6. Painful passing of the stool: there can be many reasons why it can be painful to pass a stool, which make going to the toilet a very distressing experience. It could be due to straining from constipation, which has caused haemorrhoids, or you may get strong cramps when you pass a stool due to soreness higher up in the bowel.  If you experience any type of pain when passing a stool, or you notice any blood on the tissue or in the toilet bowl, your first step is to make an appointment with your GP to discuss further.
  7. All of the above! Many people with an irritable gut experience a combination of all of the above symptoms, which may vary from day to day or week to week. In part 2 of this article, I’ll be giving you advice on how to support a changing bowel that goes through many different types of symptoms.

Getting a second medical opinion

If you experience any change to your bowel movements, ongoing bloating or any type of gut disturbance, you should always have this checked out by your GP.  It may be IBS or just a period of gut irritability, but it’s vital just to have your GP rule out anything more serious.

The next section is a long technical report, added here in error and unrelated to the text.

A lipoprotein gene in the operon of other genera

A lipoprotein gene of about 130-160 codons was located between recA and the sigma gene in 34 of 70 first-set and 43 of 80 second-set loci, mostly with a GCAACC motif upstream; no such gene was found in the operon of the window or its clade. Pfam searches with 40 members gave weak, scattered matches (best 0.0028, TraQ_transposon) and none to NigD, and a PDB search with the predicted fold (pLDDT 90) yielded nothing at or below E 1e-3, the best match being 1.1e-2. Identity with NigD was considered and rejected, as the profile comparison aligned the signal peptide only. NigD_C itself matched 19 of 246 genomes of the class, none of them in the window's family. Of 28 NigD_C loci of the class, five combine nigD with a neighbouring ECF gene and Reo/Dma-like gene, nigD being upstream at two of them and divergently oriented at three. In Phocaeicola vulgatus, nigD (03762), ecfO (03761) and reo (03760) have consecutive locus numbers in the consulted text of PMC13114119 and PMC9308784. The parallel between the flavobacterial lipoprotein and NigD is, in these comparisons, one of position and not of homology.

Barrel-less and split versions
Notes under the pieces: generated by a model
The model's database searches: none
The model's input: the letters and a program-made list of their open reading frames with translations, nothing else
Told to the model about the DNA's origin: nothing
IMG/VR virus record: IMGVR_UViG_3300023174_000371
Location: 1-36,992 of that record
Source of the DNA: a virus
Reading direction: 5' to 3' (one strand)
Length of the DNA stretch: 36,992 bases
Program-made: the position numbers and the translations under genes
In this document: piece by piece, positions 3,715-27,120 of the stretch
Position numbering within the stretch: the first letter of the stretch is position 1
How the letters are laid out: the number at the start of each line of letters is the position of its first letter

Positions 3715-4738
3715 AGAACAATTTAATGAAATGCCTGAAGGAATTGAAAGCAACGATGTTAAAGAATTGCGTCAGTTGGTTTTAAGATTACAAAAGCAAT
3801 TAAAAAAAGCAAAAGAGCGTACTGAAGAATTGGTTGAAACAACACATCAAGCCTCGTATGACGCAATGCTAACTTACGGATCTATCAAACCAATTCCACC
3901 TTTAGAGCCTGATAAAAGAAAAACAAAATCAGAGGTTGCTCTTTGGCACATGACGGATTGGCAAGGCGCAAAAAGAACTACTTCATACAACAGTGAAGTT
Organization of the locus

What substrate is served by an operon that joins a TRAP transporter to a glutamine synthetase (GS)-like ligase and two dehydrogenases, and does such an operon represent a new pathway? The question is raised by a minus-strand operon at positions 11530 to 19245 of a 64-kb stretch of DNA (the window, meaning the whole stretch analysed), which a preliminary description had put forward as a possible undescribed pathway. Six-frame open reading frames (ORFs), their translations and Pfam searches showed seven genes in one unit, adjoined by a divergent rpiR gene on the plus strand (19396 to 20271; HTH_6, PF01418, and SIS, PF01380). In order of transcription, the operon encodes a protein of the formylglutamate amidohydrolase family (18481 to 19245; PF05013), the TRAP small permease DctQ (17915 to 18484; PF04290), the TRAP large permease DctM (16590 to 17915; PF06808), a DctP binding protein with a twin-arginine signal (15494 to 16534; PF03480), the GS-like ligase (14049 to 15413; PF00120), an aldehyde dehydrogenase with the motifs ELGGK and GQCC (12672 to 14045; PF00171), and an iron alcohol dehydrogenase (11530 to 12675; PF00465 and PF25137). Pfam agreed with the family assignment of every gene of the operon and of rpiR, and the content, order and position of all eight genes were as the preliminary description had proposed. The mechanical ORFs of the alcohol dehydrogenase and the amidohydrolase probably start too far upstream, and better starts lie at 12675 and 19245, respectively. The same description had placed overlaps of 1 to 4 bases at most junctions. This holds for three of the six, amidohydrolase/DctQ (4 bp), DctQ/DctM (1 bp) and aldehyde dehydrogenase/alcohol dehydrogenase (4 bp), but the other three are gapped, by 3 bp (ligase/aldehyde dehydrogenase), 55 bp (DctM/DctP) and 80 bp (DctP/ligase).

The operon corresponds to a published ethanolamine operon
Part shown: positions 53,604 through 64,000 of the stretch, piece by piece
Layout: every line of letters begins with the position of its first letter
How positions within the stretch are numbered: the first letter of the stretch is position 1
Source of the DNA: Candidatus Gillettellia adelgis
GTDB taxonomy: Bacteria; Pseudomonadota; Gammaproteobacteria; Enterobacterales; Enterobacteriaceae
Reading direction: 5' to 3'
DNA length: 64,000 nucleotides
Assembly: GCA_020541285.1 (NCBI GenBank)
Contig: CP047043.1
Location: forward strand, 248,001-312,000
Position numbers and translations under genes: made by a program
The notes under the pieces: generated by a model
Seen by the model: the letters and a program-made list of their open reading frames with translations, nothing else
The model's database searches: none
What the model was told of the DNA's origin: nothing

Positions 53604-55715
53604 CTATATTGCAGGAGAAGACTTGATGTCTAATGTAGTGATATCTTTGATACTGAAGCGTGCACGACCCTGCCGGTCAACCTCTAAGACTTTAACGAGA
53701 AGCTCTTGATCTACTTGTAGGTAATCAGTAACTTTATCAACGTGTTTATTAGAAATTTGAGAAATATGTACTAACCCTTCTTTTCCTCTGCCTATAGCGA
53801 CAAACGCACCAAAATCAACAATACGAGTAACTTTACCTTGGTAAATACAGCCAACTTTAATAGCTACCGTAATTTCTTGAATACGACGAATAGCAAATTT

Bloating and cramps: how can diet and lifestyle help?

Bloating and cramping can be very uncomfortable, and leave you feeling low in energy and lethargic.  There can be many reasons why you are experiencing these symptoms, and one of the most common is gut fermentation.  Inside our bowels we have billions of gut microflora, tiny organisms such as bacteria and yeast which must be kept in a delicate balance.  Stress, alcohol, too much sugar and white refined carbohydrates can affect this balance and cause too much non-beneficial bacteria and yeast to overgrow.  As these organisms ferment sugars and refined carbs they create excess gas, which can lead to bloating and cramping.

Bread and refined flour products (cakes, biscuits) are common ‘trigger’ foods for people with IBS.